The retina contains the photoreceptor cells which are designed to detect light, darkness, and some color wavelengths. There are actually over 120 million photoreceptor cells in each of your retinas!

Rods and Cones

There are 2 types of photoreceptor cells in the human eye. Rods detect light and dark while cones react to color wavelengths. Humans have 3 types of cones with each one sensitive to one color — either red, green, or blue. 

The Optic Nerve

The red cones are activated by the red wavelength reflecting off the apple. These cones transmit this information from the retina in the eye to the brain via the optic nerve.

Visual Cortex

The wavelength information is delivered to the visual cortex. The brain uses this information, as well as other information the eye sends such as the origin of the light source, to perceive what color the object is.

How Other Species See Color

All color perceived by humans is a combination of 3 colors detected by photoreceptor cones located in the retina, inside of the eye. Since other species have different sets of photoreceptors, they therefore see the world and its colors very differently. 

Human Vision

The retina located inside of the human eye contains 3 type of cones; red, blue, and green. Due to this type of eye structure, we can also be called trichromats.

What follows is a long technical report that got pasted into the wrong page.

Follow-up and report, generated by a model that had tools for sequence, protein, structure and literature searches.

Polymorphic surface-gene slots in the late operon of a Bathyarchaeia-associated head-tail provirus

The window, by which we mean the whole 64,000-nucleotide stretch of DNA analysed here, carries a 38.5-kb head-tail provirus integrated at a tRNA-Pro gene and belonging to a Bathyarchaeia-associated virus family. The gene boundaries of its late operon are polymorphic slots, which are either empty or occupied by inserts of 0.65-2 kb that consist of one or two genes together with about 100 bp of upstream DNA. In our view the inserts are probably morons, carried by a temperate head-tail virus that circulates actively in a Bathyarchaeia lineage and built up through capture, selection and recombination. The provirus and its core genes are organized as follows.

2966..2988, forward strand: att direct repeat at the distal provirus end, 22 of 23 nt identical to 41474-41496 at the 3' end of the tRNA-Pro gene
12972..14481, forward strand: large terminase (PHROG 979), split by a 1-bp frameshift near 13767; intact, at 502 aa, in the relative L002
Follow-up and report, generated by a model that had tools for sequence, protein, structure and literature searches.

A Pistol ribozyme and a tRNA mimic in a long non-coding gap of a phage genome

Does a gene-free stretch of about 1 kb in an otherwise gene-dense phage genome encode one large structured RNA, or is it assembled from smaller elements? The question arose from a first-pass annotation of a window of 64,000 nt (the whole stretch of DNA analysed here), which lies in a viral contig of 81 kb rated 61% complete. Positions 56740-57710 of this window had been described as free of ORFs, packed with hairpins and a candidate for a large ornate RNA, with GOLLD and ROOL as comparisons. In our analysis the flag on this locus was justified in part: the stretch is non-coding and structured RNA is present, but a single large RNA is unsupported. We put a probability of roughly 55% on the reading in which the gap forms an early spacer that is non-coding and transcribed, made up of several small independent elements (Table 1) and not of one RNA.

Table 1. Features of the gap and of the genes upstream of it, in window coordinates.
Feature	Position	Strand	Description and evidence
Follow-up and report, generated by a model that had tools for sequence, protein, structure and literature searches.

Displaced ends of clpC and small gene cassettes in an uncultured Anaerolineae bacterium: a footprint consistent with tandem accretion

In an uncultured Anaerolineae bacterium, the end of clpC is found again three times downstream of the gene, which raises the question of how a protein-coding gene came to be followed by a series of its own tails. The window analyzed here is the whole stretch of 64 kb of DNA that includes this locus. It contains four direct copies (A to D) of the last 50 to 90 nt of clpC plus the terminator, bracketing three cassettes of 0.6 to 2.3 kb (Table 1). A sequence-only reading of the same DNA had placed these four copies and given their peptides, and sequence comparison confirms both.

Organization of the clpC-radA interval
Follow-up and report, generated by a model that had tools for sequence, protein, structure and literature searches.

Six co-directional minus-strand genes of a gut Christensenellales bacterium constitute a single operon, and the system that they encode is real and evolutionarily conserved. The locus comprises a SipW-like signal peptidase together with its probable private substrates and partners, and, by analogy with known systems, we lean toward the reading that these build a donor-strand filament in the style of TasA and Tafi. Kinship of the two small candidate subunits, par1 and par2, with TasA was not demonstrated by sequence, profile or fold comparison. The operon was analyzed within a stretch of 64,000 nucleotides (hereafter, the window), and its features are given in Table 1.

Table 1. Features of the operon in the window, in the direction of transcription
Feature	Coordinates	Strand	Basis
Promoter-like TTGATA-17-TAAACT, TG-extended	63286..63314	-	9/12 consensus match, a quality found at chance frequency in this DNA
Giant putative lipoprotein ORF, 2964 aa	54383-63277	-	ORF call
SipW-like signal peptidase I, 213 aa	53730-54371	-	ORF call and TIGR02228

Dog Vision

Dogs only have 2 cones: blue and yellow. Therefore they cannot see red and green objects. So a red ball in green grass will be almost impossible for a dog to see.

Snake Vision

The anatomy of snakes’ eyes vary widely among different species, mainly dependent on whether the snake is diurnal (hunts during the day) or nocturnal. Many snakes have an extra set of photoreceptors located near the nose which can detect heat.

Butterfly Vision

Butterflies have 5 sets of cones, including colors humans are familiar with: red, green, and blue. Humans are unable to process what the other 2 cones detect. In addition butterflies can also see ultraviolet light which helps them in their search for pollen.

Mantis Shrimp Vision

Mantis shrimp are said to have the greatest eyesight of any known animal. They have 16 different photoreceptors, including red, blue, and green. Humans are unable to process what the other 13 cones detect.

They also see ultraviolet light, polarised light, and circular polarised light.

Why Do Humans and Other Animals See Color?

Currently there are 2 scientific theories which attempt to explain why the human race evolved to see colors only on the red, green, blue spectrum. Other species in the animal kingdom evolved to see different colors, depending on that species’ individual needs. 

Colors of Food

For many years scientists believed humans evolved color vision in order to spot colorful fruit. However many other primates that also rely on fruit as a food source do not see the same colors as humans causing scientists to reconsider this theory. 

Human’s Sensitivity to Red